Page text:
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Boeing defends 737 Max 10 after lessors demur

A day after two lessors held back from endorsing the 737 Max 10X, a top Boeing executive defended the company’s proposed double-stretch of its re-engined single-aisle now being offered to customers.

The 737 Max 10X will provide “better economics than anything out there in its size”, says Keith Leverkuhn, vice-president and general manager of Boeing’s 737 programme.

The superior economics include the best trip and seat-mile costs for an aircraft in its size class, Leverkuhn told reporters on a conference call on 8 March.

Boeing scheduled the call with Leverkuhn on 7 March, only hours after a panel of top aircraft leasing company executives questioned Boeing’s tactics in proposing the 737 Max 10X.

Asked by a moderator at the ISTAT Americas conference about his impressions of the 230-seat concept, Air Lease Corp executive chairman Steven Udvar-Hazy suggested the 737 Max 10X exists only because of the failure of the 737 Max 9 to prove competitive with the Airbus A321neo, which owns a nearly five-to-one sales advantage over the -9.

“From all appearances, when you talk to airlines, the concept of another stretch to the 737 is really a reaction to the success of the A321neo. It is a way to protect some level of market share in that 200-seat-plus category,” Hazy says.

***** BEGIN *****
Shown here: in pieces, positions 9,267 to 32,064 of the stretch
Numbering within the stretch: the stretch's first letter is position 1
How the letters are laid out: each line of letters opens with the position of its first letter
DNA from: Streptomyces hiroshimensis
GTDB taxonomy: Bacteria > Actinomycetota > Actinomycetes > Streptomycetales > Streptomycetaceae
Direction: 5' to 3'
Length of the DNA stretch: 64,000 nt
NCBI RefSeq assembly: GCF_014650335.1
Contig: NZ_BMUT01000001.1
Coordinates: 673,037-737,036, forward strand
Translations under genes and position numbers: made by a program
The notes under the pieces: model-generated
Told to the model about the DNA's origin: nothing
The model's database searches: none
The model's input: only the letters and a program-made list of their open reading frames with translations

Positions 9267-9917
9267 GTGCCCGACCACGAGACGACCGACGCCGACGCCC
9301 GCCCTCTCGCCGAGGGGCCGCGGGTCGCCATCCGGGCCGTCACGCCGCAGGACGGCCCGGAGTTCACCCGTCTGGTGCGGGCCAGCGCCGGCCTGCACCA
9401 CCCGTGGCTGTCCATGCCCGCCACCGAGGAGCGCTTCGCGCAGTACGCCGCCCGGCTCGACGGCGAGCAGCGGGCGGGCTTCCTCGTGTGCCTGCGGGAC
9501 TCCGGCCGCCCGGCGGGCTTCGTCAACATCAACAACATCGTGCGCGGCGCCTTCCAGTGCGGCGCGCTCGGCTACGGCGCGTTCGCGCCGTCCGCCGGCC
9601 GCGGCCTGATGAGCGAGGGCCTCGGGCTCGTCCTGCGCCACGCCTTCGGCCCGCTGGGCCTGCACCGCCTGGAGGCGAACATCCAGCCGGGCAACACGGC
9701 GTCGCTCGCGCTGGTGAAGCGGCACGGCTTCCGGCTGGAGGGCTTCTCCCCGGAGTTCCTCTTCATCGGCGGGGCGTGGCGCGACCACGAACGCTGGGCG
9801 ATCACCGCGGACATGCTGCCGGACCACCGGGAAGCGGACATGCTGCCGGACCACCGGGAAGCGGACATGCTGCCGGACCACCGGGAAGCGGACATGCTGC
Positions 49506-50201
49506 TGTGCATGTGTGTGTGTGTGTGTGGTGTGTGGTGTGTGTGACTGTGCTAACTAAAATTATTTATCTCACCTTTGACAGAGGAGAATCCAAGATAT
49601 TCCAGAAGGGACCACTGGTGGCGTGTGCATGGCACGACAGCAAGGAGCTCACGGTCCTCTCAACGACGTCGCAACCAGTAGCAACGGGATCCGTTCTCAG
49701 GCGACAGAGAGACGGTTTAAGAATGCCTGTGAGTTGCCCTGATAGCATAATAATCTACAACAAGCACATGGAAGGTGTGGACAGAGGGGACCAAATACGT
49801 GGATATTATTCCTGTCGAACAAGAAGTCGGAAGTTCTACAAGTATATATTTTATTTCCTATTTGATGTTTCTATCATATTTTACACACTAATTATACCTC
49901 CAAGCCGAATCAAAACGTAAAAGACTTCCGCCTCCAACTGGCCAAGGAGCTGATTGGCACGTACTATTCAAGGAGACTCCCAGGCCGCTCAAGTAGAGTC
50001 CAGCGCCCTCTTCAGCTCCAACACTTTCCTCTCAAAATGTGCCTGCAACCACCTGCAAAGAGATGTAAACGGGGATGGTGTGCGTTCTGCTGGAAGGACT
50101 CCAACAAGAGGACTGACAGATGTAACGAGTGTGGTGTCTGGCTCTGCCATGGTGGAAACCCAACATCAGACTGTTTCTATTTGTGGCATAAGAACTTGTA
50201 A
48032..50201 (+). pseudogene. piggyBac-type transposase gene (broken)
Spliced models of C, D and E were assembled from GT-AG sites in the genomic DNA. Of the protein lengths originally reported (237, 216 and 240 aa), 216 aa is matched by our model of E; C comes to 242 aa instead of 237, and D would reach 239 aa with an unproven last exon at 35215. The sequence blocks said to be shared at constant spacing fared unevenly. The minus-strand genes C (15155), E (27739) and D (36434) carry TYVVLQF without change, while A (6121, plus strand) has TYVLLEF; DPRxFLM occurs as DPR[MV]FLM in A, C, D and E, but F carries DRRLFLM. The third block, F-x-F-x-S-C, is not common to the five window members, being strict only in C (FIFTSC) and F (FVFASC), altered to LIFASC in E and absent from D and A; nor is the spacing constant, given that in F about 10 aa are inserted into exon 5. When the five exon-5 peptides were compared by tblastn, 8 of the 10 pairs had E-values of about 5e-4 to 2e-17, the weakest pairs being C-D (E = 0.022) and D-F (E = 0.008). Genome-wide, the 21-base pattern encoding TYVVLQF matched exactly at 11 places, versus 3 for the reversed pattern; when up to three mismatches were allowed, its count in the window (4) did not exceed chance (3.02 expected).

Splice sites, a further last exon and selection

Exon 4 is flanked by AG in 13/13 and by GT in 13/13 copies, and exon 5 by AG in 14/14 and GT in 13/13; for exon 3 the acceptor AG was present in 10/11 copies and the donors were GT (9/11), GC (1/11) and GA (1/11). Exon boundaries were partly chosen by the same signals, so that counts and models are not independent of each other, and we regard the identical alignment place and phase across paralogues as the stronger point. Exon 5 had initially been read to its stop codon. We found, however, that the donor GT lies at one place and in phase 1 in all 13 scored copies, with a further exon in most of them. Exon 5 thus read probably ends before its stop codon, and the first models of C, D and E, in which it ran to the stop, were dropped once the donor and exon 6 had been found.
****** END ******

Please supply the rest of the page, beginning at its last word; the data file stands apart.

Aengus Kelly, chief executive and executive director of AerCap, also held back from praising the 737 Max 10X, noting that it remains an open question whether any variant will be successful besides the 737 Max 8.

Leasing companies are always a difficult audience to please when a manufacturer adds another new variant to an aircraft family. As Kelly notes, each new variant further narrows the potential market for the aircraft, making it harder on leasing companies to attract the largest volume of customers.

For his part, Leverkuhn brushed off any hinted criticisms of the 737 Max 10X, saying the aircraft also has received praise from some airlines looking for the most economical product.

“This is all about the feedback we’re getting form the customers,” Leverkuhn says. “They like the size and they also like the tremendous efficiency that we’re gaining.”

Separately, Boeing expects to receive type certification of the 737 Max 8 “imminently”, Leverkuhn says. Boeing met with the US Federal Aviation Administration’s type certification board on 7 March, marking the last step in the process.

Deliveries of the first 737 Max 8 should begin in the second quarter to multiple customers, Leverkuhn says.

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